For example, data like email click-throughs and open rates are generally quite distinct from website analytics and paid ad campaign data. But, connecting this data—and more importantly relating it to the same customer—can be tremendously powerful information. However, this is normally an intensely difficult challenge.
Imagine that a physical (bricks & mortar) store made a customer's marketing interactions (email and digital ads) available to a call center service person. Include that customer's ecommerce data (purchase history and preferences) and website interaction data (items viewed several times). Such rich information about a single client would give that call agent a huge advantage when trying to upsell a client on an additional product that they might already have been considering.
The call center employee might point out that customers who bought this blouse online, opened emails for a certain set of matching pants. Then, customers who spent between $320 and $1500 annually, generally also were inclined to buy additional designer boots and a matching handbag, according to the analytics. With information like that, your ordinary call center agent could easily become a star salesperson.
Like the tangible example of the call center agent, a CDP can also help with the customer journey. CDP analysis can reveal patterns and behaviors that show where a consumer is in their purchasing phase at this moment. It can then determine which subsequent activities have aided similar clients in moving closer to a purchase decision at that point in their purchasing cycle. This analysis can be used to create guidelines for personalized, automated follow-up.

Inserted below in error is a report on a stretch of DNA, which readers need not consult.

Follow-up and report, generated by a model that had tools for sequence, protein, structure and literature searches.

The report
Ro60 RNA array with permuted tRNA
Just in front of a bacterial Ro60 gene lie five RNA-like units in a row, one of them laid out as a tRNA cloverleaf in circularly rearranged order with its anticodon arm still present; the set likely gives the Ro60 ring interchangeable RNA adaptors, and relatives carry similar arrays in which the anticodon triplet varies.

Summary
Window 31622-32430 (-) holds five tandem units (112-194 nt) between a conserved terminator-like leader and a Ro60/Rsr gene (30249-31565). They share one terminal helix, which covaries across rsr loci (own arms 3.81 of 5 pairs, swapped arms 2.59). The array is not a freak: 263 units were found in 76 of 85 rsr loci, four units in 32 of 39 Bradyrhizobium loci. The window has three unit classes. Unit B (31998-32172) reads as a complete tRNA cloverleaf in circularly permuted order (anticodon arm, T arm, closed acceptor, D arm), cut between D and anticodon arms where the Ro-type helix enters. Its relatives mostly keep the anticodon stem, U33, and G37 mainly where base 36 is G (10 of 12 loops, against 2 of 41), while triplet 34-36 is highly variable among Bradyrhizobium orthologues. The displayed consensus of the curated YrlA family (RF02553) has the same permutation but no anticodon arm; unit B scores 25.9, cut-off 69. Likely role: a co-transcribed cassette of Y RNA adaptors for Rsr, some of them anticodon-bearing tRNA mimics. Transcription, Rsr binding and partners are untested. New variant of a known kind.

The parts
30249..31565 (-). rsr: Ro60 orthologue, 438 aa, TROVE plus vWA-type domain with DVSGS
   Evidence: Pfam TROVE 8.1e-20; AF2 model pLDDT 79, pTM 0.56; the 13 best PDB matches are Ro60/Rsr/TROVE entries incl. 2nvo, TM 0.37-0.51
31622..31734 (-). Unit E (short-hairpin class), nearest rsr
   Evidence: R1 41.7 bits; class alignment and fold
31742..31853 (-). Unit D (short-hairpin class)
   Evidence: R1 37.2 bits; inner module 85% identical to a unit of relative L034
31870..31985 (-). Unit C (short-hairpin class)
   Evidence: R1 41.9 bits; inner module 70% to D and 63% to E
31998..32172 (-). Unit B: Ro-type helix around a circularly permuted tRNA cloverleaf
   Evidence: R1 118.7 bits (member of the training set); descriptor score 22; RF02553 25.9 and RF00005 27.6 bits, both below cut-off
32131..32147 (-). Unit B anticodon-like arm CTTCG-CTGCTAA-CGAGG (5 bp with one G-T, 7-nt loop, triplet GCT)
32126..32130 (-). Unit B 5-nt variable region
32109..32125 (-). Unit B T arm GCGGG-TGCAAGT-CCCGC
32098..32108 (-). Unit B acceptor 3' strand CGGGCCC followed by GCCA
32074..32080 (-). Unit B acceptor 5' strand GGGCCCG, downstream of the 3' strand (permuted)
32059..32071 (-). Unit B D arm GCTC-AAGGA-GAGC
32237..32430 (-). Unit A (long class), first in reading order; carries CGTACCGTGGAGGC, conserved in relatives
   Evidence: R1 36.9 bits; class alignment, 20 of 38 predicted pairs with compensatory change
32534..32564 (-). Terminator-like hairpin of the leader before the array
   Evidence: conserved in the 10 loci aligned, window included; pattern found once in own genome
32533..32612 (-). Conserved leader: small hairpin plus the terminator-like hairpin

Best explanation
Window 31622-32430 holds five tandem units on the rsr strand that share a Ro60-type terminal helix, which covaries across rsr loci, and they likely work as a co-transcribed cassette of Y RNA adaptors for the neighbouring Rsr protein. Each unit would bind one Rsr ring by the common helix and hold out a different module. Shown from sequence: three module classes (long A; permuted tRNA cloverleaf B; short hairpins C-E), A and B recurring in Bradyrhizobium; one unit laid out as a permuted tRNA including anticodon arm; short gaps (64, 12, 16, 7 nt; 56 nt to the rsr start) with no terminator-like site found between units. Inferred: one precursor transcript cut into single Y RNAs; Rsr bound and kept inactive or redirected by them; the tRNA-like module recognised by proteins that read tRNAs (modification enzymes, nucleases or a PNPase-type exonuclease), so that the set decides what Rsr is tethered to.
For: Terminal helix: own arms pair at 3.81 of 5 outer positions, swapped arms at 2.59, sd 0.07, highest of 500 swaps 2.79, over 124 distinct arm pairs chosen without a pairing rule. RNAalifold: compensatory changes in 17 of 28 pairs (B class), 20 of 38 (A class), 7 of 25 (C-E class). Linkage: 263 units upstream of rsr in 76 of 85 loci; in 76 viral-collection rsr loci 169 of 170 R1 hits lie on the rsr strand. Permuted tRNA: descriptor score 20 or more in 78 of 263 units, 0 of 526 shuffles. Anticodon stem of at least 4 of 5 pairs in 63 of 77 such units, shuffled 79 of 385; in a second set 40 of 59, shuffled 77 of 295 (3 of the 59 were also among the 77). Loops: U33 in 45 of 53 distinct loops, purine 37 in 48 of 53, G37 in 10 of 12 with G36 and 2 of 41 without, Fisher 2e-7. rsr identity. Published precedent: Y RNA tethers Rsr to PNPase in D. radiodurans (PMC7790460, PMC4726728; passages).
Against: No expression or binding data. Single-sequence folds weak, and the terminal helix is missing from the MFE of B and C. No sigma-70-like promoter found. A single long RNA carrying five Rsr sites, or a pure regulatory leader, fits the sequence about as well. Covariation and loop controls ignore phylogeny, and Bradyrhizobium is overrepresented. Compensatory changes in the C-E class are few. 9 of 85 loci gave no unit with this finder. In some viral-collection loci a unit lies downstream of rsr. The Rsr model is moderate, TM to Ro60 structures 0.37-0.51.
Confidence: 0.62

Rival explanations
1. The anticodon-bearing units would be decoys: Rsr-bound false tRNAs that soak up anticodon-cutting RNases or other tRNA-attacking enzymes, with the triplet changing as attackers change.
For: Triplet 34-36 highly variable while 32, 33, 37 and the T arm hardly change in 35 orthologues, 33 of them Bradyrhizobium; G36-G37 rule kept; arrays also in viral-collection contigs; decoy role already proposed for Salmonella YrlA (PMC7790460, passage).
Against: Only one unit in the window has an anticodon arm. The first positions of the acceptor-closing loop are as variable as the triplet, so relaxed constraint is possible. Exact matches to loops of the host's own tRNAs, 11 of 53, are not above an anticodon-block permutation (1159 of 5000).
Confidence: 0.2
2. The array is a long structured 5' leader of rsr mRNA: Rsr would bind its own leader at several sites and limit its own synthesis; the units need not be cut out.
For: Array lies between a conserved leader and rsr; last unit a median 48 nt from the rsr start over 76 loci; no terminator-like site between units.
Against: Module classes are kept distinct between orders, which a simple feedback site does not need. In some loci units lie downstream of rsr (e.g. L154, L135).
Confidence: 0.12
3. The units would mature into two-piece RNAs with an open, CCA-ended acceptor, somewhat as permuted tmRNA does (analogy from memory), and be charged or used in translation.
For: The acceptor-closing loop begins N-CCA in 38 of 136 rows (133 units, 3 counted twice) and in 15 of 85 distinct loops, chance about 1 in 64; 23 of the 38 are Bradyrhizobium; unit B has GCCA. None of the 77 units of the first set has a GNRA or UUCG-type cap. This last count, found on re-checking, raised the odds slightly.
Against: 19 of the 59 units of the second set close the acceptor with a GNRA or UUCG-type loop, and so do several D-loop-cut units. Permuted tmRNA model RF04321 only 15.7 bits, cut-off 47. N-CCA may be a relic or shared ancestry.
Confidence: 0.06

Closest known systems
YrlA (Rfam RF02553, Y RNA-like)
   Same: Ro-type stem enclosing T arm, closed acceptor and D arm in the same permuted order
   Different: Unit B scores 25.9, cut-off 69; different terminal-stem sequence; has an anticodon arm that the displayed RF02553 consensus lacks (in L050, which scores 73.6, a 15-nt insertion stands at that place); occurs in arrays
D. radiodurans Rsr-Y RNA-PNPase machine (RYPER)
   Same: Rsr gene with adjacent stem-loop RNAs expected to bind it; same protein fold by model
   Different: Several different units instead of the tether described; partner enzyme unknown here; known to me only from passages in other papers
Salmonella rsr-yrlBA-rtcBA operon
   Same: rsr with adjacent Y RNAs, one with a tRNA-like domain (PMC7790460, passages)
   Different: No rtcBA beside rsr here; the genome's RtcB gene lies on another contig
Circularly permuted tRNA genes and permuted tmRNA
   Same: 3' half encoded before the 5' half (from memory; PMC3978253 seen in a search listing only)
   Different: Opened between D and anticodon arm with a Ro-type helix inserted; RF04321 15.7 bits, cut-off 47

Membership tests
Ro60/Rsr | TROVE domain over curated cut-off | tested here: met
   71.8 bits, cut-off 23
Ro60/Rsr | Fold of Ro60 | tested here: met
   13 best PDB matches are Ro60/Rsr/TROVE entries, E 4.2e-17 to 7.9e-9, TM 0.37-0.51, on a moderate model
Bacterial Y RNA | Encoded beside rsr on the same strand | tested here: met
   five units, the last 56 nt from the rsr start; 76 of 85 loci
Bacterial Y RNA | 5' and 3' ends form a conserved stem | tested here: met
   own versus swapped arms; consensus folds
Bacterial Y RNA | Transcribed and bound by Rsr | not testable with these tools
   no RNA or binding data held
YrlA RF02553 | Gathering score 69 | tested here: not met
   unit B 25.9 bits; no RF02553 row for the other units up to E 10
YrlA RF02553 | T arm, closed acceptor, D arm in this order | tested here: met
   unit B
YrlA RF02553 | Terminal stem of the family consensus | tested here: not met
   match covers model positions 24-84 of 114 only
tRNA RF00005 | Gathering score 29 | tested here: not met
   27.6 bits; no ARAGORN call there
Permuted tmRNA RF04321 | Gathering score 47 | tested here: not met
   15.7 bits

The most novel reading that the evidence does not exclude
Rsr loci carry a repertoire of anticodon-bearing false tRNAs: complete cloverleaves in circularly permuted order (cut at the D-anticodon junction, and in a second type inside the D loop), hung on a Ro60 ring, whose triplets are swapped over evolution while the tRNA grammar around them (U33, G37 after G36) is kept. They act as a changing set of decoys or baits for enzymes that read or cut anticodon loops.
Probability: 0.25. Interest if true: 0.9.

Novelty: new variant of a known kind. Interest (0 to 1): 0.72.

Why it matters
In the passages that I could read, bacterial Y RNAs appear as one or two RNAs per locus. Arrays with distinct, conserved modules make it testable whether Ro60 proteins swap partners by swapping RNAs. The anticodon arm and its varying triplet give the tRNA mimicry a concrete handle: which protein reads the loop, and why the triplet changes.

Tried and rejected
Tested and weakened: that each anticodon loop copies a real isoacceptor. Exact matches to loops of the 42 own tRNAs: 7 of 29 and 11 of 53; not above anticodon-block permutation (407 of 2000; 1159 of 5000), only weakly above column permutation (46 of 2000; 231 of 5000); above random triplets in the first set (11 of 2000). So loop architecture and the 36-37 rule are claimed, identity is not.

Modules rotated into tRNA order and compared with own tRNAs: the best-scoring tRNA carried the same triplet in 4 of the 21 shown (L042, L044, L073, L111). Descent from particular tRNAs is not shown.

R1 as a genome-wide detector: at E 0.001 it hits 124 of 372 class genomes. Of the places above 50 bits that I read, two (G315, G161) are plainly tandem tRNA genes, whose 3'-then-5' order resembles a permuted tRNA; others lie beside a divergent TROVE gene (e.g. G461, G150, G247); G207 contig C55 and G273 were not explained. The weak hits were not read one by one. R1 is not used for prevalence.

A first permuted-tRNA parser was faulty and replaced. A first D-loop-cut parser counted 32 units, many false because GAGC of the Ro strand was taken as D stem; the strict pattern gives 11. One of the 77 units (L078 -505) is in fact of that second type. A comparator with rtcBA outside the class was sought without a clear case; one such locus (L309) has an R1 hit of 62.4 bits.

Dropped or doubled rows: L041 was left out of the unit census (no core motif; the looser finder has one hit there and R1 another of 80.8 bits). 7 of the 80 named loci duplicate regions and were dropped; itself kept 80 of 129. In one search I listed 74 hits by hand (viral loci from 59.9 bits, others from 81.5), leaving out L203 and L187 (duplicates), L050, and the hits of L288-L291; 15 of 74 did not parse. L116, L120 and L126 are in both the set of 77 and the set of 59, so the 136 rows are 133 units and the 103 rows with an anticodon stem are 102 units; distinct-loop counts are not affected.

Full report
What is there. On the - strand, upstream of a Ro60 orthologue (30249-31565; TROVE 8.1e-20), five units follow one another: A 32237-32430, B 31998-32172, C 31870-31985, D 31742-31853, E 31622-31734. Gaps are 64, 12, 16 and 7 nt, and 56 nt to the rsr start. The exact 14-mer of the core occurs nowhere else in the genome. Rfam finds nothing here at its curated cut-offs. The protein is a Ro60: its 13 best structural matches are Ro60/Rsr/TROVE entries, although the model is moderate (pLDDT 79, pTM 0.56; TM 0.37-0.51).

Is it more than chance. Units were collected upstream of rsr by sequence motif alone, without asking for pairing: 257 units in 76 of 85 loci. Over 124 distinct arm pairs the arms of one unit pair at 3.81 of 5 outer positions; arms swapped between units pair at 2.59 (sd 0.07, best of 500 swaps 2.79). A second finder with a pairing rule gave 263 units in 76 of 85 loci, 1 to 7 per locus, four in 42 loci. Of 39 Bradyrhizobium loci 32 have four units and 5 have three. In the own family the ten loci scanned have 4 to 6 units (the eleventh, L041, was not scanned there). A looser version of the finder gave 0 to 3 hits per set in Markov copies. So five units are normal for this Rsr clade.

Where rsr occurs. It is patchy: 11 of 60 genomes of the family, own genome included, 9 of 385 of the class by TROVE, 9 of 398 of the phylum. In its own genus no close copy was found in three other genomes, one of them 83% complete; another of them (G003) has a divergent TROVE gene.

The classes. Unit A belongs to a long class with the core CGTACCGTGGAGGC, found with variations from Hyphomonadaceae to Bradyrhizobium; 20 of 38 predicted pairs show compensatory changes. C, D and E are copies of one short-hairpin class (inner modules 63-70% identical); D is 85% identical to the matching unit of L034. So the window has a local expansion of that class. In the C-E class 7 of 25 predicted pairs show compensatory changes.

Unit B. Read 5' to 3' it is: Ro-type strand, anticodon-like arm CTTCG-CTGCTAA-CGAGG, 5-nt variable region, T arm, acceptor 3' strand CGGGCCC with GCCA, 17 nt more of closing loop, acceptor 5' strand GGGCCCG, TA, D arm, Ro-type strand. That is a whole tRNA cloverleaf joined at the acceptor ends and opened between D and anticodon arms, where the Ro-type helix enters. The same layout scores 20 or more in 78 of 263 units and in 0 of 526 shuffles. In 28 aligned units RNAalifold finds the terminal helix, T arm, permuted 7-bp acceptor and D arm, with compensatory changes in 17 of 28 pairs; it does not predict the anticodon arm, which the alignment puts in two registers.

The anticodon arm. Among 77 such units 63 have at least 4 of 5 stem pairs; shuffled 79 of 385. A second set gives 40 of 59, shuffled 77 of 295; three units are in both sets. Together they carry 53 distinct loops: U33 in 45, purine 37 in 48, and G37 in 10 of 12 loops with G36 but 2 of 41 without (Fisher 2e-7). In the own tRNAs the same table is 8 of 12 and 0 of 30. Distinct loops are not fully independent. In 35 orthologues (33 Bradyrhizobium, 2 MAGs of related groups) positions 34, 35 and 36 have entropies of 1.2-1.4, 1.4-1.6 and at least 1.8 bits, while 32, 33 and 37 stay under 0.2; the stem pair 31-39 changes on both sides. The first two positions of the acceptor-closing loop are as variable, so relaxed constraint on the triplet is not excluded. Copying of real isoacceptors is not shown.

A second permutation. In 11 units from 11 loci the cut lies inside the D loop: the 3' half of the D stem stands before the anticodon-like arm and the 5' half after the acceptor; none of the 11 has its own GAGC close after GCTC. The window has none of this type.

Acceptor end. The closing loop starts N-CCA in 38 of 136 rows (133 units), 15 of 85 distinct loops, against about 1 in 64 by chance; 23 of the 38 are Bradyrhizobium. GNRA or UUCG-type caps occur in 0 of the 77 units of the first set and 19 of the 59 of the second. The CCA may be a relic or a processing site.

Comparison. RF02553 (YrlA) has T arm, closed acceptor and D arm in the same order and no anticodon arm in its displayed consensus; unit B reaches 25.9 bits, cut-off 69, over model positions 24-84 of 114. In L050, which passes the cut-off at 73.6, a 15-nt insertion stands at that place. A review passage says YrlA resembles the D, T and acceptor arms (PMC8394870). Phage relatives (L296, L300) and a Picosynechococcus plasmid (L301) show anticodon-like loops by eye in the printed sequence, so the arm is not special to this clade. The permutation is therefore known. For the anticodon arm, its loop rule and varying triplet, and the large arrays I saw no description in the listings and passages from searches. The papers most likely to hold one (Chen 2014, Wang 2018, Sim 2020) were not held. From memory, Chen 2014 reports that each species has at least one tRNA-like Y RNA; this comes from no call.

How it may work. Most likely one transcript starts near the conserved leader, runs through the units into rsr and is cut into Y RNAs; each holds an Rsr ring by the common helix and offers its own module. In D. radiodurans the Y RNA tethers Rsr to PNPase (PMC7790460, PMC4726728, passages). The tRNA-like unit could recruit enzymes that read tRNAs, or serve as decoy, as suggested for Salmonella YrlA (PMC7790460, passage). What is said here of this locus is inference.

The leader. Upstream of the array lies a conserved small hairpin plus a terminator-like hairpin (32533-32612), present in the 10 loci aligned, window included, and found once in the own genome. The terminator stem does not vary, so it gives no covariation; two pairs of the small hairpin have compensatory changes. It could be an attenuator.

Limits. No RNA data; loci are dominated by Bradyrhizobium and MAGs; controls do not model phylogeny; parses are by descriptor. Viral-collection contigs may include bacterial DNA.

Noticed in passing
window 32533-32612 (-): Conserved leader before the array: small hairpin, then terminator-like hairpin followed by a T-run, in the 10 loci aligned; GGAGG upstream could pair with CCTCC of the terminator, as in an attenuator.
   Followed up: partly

Again, a clear example of using the centralized and full customer data view, to translate data into actionable information. Better yet, it is actionable information that can help drive additional sales and business revenue.
A customer data platform (CDP) is widely regarded as the next step in marketing technology. It is the solution to the problem of disconnected customer data systems. A CDP brings together all the disparate data sources into a centralized location to provide a 360-degree view of each customer.
This opens the door to providing fully personalized, real-time customer experiences for every client touchpoint, regardless of source. It also provides a rich opportunity to glean insights from the customer data, allowing the organization to take actions that can drive additional sales, revenue, and ultimately margins. What organization wouldn't want more of that?